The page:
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Jan Blaeu: Arabia

Map: MEAST4257
Cartographer: Jan Blaeu
Title: Arabia
Date: c. 1663
Published: Amsterdam
Width: 20 inches / 51 cm
Height: 16 inches / 41 cm
Map ref: MEAST4257
Magnificent Dutch Golden Age map of the Arabian Peninsula divided into classical Arabia Petraea, Deserta and Felix. Features French text on verso (image available on request) and superb original hand colour.

The geographical shape of the map is based on the map by Hugo van Linschoten, published in his travel book c.1599 but with additions and revisions. Other sources include Blaeu’s own wall map of Asia published in 1608 as well as Dutch portolan charts. This map also follows the orthodox division of the Peninsula, namely, Arabia Petrae, Arabia Felix and Arabia Deserta; these divisions stem back to classical times and refer to the region around the city of Petra, in the northwest of the Peninsula; Deserta corresponds to the desert and is in the north; Felicis or Felix represents a reference to the classical writer Diodorus Siculus who describes an extraordinarily advanced civilization in the Yemen, a thriving fertile land with a vast network of irrigation canals which transformed the formerly arid landscape. The reports of this "Felix" or thriving Arabia were likely to have been augmented by the accounts of the prosperity and might of the extraordinary Arabian Empire which flourished from the 8th to the 13th century. This accounts for it being the largest of the geographical divisions marked on the map. Furthermore, Blaeu’s map of the Peninsula shows much greater interior detail, including the location of the city of Medina with a note marking its location as the tomb of Mohammed. [Framed]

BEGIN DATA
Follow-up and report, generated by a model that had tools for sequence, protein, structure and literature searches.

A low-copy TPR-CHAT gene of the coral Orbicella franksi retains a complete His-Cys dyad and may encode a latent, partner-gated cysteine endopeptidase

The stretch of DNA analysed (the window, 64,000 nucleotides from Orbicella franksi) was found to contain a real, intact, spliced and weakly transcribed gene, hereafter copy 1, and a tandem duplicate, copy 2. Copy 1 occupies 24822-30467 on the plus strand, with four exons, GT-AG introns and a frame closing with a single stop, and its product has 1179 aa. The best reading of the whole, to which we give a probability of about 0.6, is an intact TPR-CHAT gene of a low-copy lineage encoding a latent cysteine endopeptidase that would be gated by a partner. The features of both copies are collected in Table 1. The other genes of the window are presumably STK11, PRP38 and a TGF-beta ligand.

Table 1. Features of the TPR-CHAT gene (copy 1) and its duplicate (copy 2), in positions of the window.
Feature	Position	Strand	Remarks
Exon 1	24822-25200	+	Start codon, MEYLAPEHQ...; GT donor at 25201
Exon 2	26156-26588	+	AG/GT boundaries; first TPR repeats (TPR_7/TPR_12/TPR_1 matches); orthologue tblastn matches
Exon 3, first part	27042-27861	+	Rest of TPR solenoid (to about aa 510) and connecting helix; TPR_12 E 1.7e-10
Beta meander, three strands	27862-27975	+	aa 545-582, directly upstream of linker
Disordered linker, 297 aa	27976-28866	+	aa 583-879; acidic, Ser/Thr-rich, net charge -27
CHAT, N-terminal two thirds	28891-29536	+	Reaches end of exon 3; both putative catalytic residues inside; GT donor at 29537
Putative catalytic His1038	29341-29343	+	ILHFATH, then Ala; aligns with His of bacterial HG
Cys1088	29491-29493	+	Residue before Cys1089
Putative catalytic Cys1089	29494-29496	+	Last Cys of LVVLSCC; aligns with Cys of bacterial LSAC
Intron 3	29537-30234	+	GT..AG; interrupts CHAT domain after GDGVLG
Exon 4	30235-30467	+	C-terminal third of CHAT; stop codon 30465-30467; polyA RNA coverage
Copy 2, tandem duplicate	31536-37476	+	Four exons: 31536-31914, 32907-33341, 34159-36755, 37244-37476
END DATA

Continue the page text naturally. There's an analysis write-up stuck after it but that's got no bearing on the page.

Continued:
The Blaeu Family

For much of the 17th Century the firm of Blaeu were the dominant mapmakers at a time when Dutch cartography was universally acknowledged to lead the world. Established in 1596 by Willem Janszoon Blaeu (1571-1638), who had studied as a young man under the great astronomer, Tycho Brahe, it originally produced globes and scientific instruments. However, the firm soon expanded into map making and publishing, and eventually became one of the most important and prolific map producers in Amsterdam.

In 1623 they published the "Het Licht der Zeevaerdt" an atlas of sea-charts. In 1629 Willem and his son Jan (1596-1673) purchased 37 engraved plates from the widow of their rival Hondius and the following year they produced their first land atlas, the "Atlantis Appendix" which contained sixty maps. In 1635 this was expanded into the "Atlas Novus" a major world atlas in six volumes. This contained a county atlas of England and Wales and from 1635-59 was published in editions in Dutch, Latin, French, German and Spanish.

After the death of his father, Jan (also spelt Joan or Johannes) Blaeu embarked on one of the most ambitious publishing undertakings of the 17th Century, the printing of the "Atlas Maior". This magnificent work was to contain nearly six hundred maps and, depending on edition, varied between nine and twelve volumes. The exquisite engraving allied with typically lovely hand-colouring make maps from the "Novus" and "Maior" atlases some of the finest ever produced.

The "Atlas Maior" was to be the crowning glory of the Blaeu firm. In 1672 a disastrous fire swept through the Blaeu printing house destroying much of the stock and most of the copper engraving plates. The following year Jan died and the surviving plates were dispersed.

The period between 1570 and 1670 is known as the Golden Age of Dutch Cartography and it is a measure of the Blaeu’s achievements that they were the dominant cartographers throughout most of this period. Reflecting their contemporary reputations Willem and Jan were in turn both appointed Hydrographer to the Dutch East India Company (the VOC) and their atlases were frequently presented to foreign sovereigns and potentates by the Dutch government. [MEAST4257]